By completing the ATO PAYG withholding variation application, you can vary or reduce the amount of pay as you go (PAYG) tax that is withheld from your salary each pay period. This may be preferable if your normal rate of taxation leads to a large refund at the end of the year because it does not take into account your investment deductions. See the ATO website for more details.

How does it work?

Your regular cash flow is increased (less tax paid each pay – so more in your pocket) allowing you to: accelerate your debt reduction; put more in your offset account to reduce the interest accumulating; build up a deposit along with your current property equity for your next purchase and of course to help you with any shortfall for covering your property costs each month.

Beware – conditions apply!

The Australian Tax office clearly states that “We will process your application only if you:
• have lodged all required tax returns and activity statements or notified us in writing if you were not required to lodge tax returns in prior years
• did not receive a debit assessment on your last tax assessment (if you also had an approved withholding variation for that year)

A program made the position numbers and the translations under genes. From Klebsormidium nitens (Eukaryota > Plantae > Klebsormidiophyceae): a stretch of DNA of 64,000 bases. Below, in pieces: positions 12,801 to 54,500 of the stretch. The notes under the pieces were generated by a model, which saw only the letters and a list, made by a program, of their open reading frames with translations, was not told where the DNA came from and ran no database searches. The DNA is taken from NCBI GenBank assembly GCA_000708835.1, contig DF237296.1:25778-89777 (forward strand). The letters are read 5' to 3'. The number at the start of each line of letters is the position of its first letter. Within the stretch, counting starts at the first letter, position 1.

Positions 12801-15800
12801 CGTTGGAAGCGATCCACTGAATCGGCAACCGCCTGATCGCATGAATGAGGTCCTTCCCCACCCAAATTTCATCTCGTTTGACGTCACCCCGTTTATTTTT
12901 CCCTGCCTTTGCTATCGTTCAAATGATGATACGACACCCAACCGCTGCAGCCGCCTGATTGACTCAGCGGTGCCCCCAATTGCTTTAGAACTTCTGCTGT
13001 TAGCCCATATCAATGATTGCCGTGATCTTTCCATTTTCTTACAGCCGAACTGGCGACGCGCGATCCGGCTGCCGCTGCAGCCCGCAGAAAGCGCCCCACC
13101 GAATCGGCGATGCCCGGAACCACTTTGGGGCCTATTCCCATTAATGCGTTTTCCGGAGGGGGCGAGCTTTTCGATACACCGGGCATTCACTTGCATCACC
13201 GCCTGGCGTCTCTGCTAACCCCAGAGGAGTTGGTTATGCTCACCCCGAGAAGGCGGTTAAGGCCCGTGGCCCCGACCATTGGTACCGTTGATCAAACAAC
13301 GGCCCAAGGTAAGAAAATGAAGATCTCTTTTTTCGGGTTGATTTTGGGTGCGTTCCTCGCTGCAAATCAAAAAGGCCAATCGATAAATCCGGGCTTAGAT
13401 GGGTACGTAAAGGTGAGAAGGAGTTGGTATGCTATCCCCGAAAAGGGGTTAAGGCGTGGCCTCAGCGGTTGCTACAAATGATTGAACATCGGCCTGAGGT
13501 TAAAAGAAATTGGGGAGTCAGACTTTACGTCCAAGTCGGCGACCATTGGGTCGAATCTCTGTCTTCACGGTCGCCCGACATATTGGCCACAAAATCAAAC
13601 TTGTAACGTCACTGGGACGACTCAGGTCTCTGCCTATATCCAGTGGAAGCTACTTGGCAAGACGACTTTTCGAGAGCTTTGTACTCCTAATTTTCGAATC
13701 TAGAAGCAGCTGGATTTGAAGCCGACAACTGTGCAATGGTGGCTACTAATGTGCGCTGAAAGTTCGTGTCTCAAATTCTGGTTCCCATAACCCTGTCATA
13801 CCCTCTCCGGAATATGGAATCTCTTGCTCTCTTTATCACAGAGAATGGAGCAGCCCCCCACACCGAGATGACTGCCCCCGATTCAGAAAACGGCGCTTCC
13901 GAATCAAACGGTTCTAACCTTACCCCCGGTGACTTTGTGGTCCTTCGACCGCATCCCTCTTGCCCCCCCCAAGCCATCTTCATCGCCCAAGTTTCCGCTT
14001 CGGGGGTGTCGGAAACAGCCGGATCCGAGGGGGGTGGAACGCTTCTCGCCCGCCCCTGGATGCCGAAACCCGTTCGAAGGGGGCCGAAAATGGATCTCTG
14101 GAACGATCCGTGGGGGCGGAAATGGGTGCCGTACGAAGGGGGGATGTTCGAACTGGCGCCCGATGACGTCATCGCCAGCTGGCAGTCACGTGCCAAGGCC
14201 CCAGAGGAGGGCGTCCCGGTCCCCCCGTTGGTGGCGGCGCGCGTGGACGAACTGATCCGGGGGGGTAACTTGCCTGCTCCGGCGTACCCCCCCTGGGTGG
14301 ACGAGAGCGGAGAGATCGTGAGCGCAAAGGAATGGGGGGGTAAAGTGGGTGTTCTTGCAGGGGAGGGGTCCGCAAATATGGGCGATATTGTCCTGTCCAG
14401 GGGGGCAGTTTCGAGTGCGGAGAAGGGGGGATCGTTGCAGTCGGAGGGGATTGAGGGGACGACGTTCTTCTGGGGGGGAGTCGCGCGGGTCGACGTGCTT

• do not have any outstanding tax debt owing to the Australian Government
• do not have any outstanding debts under any other Acts administered by us.”

The application is valid for one financial year only. So that better be on your to-do list each financial year if you intend to continue using this strategy.

Seek advice

Importantly, don’t dive into investment property ownership without assessing your overall asset strategy, cash flow and budget management – you don’t want to be caught short each month!

Investing in property can be daunting. Let us help you to make it a rewarding step in your life by starting with our ‘10 Steps to successful property investment’.